“Jack, la vida es corta! ¿Sabes lo que quiero decir? “Si, lo sé.” “Jack, yo se tu sabes, pero, ¿Tu entiendes? “ Sí… Creo.”

Jack Montgomery ’15 – What sticks out most to me about this specific conversation with my host mothers dear friend, was for one thing the message. Rather beyond that, the fact that the instance symbolized the moment in itself. Siesta is a concept that is entirely foreign to us in the United States where we are hinged to the fast paced consumer society. Naps and afternoon beers with friends are not productive or acceptable. To see an entire city shut down in the afternoon to rest from the long nights or take in the company of others is a somewhat farfetched idea of what life should be like in the world I grew up in. Yet it is strongly intertwined into the Sevillean culture. If New York City is the city that never sleeps, than Seville, Spain is the city that never sleeps… but naps. Despite severe economic turmoil and massive unemployment the city remains vibrant and the people just as so. As Carmen told me, “La vida es corta,” life is short and the Sevilleans support such notions with gusto. To them, the economic crisis is a devastating reality, however as long as they have their families and friends they will get by.

Montgomery350Prior to our conversion, my fellow homestay member Brad and I were walking back from our Spanish placement interviews. The interviews lasted five minutes covering the basics of our trip and our first 48 hours in Seville. Afterwards we walked back to our homestay taking a different route to try and find a replacement glass for the one I had dropped the day prior while trying to be heroic, carrying too many dishes into the kitchen from the dinner table.  Upon entering Triana the neighborhood we are living in, we were called over to one of the many tapas bar where our host mother and her friends were enjoying some afternoon Cruzcampos (Local beer) and gamabas (shrimp-like crustaceans).  Though we had just had our formal interview with our study abroad directors, the real interview was about to begin; as for the next hour and a half we would be grilled by the women on our Spanish. As the women treated us to a few Cruzcampos and plates of Gambas, we discussed life and Spanish-American cultural similarities and differences. It was in this moment that I felt as though I was truly being immersed into the Spanish culture.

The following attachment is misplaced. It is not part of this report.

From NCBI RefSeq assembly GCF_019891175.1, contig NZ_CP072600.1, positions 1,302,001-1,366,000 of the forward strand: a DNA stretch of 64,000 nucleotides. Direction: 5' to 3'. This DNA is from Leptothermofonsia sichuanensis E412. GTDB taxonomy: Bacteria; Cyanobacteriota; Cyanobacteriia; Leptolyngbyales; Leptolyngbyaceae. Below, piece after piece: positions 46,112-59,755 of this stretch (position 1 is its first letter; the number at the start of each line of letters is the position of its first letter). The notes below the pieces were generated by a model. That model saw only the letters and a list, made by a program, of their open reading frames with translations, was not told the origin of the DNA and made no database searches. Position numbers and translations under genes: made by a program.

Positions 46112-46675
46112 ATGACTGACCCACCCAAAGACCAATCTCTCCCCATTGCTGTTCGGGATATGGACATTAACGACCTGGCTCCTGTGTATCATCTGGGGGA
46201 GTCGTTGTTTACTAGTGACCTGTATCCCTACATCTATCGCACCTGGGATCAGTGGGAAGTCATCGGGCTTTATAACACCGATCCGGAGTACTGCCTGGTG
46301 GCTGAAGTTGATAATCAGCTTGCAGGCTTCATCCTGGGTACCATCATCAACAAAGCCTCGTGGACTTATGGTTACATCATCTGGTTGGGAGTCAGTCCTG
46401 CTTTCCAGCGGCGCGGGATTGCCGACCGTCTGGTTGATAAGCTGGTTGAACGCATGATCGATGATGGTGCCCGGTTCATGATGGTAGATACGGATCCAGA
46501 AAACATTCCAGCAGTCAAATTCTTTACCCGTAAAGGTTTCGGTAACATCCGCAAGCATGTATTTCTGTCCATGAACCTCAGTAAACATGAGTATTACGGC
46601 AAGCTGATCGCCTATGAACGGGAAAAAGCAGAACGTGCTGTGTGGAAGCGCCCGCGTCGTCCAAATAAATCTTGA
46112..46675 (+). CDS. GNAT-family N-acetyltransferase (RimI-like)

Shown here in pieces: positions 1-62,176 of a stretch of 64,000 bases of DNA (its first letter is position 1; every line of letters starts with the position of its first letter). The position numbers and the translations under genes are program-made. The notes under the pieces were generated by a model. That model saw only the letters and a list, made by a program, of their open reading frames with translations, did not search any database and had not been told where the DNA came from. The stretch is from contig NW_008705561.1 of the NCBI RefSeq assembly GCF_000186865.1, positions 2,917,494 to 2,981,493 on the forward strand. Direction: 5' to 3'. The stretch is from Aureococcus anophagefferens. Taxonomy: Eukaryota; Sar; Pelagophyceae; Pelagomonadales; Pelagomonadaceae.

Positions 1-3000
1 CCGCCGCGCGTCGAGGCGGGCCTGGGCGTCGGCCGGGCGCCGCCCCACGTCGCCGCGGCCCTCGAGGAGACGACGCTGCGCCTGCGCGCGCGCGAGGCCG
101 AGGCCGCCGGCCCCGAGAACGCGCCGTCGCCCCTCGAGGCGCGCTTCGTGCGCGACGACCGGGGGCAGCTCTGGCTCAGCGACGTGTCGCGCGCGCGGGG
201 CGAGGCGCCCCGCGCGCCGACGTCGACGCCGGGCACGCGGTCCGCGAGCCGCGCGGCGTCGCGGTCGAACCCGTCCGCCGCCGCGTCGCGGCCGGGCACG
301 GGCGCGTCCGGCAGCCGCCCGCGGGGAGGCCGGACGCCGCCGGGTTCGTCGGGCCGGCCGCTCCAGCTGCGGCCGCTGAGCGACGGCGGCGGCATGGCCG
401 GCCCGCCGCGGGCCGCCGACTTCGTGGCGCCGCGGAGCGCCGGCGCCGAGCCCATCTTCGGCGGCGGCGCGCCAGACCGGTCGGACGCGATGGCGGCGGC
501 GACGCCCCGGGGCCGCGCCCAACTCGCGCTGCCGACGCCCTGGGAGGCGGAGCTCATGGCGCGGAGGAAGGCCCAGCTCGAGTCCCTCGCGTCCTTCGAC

Throughout the week, continued to see much of the beautiful city that is Seville.  We viewed grand monuments, attended a Flamenco show and experienced the energetic nightlife attending bars and a botellon. Botellons are a new fad for the Sevillean youth that currently faces an unemployment rate of over 50% for residents between the ages of 20-30. Where 20 and 30 year olds gather in parks and open areas to casually sip wine, beer, or rum to enjoy the company of others and socialize. Throughout my orientation activities and our nightly adventures it has been fascinating to see how many things in common my classmates and I have found with each other, as well as the locals we have met.

The week concluded with a trip to Lagos, Portugal for some fun in the sun and a trip to the Cabo de Sao Vincente for a magnificent sunset. The locals refer to the cape as the End of the World as it is the most southwestern point of Europe and is where the world was thought to have ended in the days the earth was believed to be flat. Slightly blocked by the clouds, the sunset was nonetheless breathtaking and offered a great moment of reflection for me. Looking out over the ocean towards the sun it was crazy to think despite so much travel and cultural stimuli over the last week I was still witnessing the same sun.  It stood as a great reminder of how lucky I am to have this experience and see the things I have been able to see over the last week. All I can say is that if that is just first week, it’s gonna be one hell of trip.